Analysis Of The Book ' The Outsiders ' By Robert Frost Essay

773 Words Sep 8th, 2015 4 Pages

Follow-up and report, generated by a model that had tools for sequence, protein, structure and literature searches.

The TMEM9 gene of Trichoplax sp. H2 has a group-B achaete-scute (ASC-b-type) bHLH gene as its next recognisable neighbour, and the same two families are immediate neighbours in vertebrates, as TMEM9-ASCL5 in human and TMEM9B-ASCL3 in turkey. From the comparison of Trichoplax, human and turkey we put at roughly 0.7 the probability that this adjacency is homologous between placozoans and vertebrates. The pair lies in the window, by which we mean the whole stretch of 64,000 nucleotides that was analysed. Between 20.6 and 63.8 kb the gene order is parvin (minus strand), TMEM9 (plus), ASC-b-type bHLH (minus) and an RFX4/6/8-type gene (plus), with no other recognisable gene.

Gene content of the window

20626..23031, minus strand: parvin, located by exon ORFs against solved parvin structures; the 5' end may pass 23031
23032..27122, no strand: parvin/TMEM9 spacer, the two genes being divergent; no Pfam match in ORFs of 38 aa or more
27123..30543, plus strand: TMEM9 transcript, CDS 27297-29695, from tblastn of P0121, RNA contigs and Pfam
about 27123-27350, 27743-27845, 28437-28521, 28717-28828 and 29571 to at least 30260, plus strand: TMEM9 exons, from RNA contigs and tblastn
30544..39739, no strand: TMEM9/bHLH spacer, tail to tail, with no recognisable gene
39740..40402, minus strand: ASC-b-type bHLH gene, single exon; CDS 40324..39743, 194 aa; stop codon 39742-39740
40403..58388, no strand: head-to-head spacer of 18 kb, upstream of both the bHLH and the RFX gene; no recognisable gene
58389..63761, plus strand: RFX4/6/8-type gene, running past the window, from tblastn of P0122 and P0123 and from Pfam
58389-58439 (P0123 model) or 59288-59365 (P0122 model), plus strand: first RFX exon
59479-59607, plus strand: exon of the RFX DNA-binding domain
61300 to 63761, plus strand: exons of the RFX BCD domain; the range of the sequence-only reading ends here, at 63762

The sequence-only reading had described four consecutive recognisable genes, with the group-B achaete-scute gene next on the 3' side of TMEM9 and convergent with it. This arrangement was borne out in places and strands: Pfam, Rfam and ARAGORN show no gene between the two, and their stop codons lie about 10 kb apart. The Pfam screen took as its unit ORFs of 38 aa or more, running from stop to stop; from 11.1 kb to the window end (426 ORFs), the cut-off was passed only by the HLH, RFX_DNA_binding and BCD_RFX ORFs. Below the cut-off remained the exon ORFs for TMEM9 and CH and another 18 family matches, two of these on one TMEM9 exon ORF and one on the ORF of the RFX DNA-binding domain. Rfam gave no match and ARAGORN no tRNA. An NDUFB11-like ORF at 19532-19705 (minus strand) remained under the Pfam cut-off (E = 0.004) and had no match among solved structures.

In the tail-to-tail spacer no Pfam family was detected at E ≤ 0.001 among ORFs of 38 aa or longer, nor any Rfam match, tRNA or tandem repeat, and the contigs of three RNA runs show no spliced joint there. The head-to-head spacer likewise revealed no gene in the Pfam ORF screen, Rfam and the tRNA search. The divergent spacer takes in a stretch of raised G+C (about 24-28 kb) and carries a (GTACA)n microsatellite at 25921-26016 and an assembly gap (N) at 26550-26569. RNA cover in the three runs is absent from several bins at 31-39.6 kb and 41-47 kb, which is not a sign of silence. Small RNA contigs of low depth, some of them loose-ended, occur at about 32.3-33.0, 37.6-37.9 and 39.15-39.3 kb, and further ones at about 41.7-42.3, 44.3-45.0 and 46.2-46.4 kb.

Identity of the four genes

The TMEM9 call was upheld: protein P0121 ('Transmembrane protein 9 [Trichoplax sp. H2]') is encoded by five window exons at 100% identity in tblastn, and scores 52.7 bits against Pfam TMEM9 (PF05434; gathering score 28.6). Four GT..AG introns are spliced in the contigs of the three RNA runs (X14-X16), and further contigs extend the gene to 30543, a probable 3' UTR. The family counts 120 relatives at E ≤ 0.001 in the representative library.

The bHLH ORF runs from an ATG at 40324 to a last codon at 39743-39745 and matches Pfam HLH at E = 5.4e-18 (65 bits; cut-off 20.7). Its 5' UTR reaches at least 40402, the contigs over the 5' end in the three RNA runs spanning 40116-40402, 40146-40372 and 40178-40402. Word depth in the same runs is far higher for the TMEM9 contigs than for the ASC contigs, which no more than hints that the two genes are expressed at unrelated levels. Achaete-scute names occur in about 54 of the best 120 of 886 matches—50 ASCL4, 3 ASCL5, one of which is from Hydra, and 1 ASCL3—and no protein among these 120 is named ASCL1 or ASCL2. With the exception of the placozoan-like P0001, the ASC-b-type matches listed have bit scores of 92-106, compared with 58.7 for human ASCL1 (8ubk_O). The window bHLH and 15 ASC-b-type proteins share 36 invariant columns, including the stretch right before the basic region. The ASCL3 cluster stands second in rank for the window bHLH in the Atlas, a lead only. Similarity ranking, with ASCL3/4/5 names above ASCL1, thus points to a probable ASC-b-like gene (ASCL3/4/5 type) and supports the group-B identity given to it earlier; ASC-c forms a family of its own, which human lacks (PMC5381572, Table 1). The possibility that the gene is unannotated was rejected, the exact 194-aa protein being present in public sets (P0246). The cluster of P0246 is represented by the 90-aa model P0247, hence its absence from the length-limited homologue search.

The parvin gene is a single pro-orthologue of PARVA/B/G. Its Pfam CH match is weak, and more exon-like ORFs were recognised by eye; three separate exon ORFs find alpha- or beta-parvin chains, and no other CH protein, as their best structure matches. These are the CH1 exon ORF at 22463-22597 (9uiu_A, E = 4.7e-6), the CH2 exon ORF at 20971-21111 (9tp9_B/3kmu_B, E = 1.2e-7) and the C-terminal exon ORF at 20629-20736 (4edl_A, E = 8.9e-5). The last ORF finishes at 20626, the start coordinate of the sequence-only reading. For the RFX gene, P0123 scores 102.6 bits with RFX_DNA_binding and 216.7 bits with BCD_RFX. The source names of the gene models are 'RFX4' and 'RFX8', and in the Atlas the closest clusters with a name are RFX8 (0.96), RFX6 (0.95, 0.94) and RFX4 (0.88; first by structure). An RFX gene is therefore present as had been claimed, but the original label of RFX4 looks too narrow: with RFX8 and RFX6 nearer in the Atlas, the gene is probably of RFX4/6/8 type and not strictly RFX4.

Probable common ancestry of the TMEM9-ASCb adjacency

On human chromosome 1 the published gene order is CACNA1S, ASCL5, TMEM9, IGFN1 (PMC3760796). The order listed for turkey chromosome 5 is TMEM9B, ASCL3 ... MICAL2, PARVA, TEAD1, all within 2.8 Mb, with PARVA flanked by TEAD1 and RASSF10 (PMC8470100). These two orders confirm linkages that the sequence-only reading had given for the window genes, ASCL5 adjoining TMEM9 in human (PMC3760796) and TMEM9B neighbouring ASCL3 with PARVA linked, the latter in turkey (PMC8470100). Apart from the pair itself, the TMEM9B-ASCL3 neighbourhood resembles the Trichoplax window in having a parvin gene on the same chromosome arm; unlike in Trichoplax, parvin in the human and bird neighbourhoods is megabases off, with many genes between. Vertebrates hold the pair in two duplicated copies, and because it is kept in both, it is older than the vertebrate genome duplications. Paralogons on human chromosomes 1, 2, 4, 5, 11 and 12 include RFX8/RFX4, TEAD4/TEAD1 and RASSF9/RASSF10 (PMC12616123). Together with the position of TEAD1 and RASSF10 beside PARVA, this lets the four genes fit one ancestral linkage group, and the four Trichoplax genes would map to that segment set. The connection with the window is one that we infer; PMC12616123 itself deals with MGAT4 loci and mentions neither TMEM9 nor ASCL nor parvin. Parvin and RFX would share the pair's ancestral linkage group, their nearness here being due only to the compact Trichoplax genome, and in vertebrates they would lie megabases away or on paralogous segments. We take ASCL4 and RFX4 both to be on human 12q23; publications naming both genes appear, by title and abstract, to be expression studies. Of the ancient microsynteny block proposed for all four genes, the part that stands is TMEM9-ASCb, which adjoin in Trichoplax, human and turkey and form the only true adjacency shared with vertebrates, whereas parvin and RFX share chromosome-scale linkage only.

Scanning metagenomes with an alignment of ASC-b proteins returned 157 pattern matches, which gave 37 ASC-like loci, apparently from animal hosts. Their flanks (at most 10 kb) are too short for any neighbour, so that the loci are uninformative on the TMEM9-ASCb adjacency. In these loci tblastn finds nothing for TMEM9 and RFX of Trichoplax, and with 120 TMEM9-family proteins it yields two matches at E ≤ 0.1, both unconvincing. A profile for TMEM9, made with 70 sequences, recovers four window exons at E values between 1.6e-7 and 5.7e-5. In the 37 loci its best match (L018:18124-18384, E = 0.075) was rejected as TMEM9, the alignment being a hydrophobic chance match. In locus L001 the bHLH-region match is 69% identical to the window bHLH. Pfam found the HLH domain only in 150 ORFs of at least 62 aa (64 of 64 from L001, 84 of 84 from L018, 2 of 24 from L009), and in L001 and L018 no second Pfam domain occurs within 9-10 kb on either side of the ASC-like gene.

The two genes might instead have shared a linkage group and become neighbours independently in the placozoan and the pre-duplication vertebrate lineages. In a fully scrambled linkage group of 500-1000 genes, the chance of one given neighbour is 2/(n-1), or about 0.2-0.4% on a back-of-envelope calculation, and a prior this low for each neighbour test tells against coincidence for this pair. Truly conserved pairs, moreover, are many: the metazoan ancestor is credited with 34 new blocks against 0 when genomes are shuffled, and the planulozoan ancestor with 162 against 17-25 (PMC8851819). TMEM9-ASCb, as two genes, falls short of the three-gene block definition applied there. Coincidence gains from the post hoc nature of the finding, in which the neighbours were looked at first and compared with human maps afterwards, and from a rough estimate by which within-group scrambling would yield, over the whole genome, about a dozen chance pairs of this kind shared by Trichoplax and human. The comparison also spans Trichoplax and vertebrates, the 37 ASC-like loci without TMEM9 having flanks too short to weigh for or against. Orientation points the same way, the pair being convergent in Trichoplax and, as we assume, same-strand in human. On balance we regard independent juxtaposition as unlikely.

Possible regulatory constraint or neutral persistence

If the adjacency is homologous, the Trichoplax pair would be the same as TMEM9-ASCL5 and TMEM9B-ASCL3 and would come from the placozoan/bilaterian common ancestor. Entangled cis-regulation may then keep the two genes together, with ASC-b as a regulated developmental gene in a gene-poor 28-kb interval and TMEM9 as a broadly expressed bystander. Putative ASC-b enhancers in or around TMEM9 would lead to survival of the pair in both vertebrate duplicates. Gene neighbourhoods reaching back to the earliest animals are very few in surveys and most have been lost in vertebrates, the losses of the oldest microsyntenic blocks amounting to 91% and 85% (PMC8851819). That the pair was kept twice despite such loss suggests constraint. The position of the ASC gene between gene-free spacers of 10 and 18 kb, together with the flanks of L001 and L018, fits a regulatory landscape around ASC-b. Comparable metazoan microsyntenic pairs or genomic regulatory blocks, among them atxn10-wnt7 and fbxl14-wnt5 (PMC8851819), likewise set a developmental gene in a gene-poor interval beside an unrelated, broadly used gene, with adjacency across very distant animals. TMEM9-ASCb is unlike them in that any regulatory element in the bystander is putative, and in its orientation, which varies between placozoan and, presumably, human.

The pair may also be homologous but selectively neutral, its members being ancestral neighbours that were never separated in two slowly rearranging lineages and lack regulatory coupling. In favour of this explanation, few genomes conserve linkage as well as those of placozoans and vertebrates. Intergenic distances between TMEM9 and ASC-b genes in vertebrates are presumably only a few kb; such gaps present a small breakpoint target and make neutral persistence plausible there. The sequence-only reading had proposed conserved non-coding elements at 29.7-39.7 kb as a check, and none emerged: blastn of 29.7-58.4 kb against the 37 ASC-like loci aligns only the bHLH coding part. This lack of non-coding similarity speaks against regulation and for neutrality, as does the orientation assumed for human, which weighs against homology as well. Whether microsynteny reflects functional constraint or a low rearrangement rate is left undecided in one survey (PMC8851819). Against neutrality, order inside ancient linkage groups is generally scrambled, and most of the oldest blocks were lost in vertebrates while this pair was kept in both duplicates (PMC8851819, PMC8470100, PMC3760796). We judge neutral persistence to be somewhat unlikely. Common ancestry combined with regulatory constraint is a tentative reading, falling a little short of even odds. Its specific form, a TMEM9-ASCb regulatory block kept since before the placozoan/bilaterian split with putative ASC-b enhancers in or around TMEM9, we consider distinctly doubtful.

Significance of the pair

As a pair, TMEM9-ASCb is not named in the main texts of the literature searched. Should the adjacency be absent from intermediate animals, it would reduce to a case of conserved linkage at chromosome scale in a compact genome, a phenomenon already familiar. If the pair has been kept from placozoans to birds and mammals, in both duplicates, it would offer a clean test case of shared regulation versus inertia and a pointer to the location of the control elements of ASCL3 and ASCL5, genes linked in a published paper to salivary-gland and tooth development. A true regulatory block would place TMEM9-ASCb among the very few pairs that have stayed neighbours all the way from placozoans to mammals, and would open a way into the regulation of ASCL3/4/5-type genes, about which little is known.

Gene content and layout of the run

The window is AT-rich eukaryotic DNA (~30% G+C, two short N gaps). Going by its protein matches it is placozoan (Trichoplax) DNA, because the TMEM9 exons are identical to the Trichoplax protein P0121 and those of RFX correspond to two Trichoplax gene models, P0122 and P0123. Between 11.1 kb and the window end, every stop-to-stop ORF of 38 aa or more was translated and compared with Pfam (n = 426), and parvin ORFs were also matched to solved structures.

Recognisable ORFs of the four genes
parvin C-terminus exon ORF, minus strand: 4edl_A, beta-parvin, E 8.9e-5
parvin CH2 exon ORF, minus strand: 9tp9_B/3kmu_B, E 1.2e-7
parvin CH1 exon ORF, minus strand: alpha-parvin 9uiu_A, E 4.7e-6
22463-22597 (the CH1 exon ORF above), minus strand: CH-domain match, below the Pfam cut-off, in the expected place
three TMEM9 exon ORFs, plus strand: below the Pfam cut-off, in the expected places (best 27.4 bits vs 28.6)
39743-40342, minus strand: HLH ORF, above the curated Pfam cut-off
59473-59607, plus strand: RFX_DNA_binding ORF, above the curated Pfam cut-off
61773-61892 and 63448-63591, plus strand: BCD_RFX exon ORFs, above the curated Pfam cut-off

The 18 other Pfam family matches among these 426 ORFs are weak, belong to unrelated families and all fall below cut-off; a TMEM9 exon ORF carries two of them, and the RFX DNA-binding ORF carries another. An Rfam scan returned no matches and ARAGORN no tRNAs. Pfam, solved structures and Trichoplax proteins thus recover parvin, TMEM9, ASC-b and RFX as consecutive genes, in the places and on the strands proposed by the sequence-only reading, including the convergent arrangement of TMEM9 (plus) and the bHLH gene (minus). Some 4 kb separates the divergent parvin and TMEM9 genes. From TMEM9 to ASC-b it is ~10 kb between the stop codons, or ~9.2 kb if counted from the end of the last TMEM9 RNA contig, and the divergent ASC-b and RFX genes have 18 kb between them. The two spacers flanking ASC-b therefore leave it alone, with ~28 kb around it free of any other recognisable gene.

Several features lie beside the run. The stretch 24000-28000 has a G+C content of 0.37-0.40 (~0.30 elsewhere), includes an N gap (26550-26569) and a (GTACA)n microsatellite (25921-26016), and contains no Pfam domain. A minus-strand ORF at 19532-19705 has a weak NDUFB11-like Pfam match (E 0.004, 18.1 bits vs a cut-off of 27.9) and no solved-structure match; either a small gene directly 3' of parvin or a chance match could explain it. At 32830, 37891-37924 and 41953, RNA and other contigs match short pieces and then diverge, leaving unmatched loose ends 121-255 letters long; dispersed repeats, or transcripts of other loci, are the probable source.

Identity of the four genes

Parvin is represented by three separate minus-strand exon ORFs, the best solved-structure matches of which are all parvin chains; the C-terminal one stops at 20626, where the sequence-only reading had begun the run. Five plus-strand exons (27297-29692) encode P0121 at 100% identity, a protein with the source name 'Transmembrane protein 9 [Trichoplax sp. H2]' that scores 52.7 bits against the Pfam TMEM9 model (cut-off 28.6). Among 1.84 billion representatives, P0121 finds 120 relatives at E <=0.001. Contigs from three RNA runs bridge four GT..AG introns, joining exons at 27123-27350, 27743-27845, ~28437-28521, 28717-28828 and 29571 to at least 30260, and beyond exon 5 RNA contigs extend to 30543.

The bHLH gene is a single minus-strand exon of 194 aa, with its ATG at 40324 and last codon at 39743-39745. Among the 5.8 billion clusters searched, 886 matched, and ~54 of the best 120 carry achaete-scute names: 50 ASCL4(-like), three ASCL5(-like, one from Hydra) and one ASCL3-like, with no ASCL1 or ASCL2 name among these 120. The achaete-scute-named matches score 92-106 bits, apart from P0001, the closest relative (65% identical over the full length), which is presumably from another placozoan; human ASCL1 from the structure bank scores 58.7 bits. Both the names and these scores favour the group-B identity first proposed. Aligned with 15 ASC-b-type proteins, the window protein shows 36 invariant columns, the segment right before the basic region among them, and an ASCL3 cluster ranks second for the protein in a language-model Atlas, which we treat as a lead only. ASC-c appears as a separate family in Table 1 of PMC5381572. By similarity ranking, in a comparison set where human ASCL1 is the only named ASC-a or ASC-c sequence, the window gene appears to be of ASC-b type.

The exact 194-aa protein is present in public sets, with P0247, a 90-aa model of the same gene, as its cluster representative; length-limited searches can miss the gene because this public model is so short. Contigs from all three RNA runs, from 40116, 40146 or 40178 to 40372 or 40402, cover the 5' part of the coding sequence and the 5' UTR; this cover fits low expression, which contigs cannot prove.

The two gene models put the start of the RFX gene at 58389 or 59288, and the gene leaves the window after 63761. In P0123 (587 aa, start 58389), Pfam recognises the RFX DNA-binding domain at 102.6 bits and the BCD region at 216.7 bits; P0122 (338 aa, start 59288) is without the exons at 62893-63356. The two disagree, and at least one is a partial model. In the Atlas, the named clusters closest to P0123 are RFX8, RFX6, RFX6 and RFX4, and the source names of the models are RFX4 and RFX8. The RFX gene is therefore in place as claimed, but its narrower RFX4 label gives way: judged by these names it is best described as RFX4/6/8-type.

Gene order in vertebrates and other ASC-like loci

The Outsiders The main theme of the story can be summed up in Johnny’s words to Ponyboy in his letter, “There’s still lots of good in the world. Tell Dally. I don’t think he knows” (179). It is the story of a boy’s journey to a deep understanding about the world he lives in and the people that inhabit it. A strong symbol in the story is the poem by Robert Frost. Ponyboy learns the true meaning of it when Johnny explains it to him, how the world all around was grown up and hard and bitter. The good in the world was the gold that was hard to see, but was still there to find. In the end, Ponyboy finds his way to hope and decides to share what he has learned with the world. The book, as the lessons that Ponyboy has observed, is written in first person. In this case, it is valuable as a tool to bring us very close to the action. We feel the emotions that Ponyboy experiences very closely. We experience the frustration of having nothing as a greaser, the despair of having killed Bob, the pain of losing Dallas and Johnny after discovering that they were good people after all, and the joy of finally finding the way home when Ponyboy is reconciled with his brother Darry. There are two main plot conflicts in the story, that of the greasers versus the Socs, and that of hope versus despair within Ponyboy. The first is easy to observe, and is simple at the beginning. The greasers and the Socs hate each other, fight with each other, and think the worst of…

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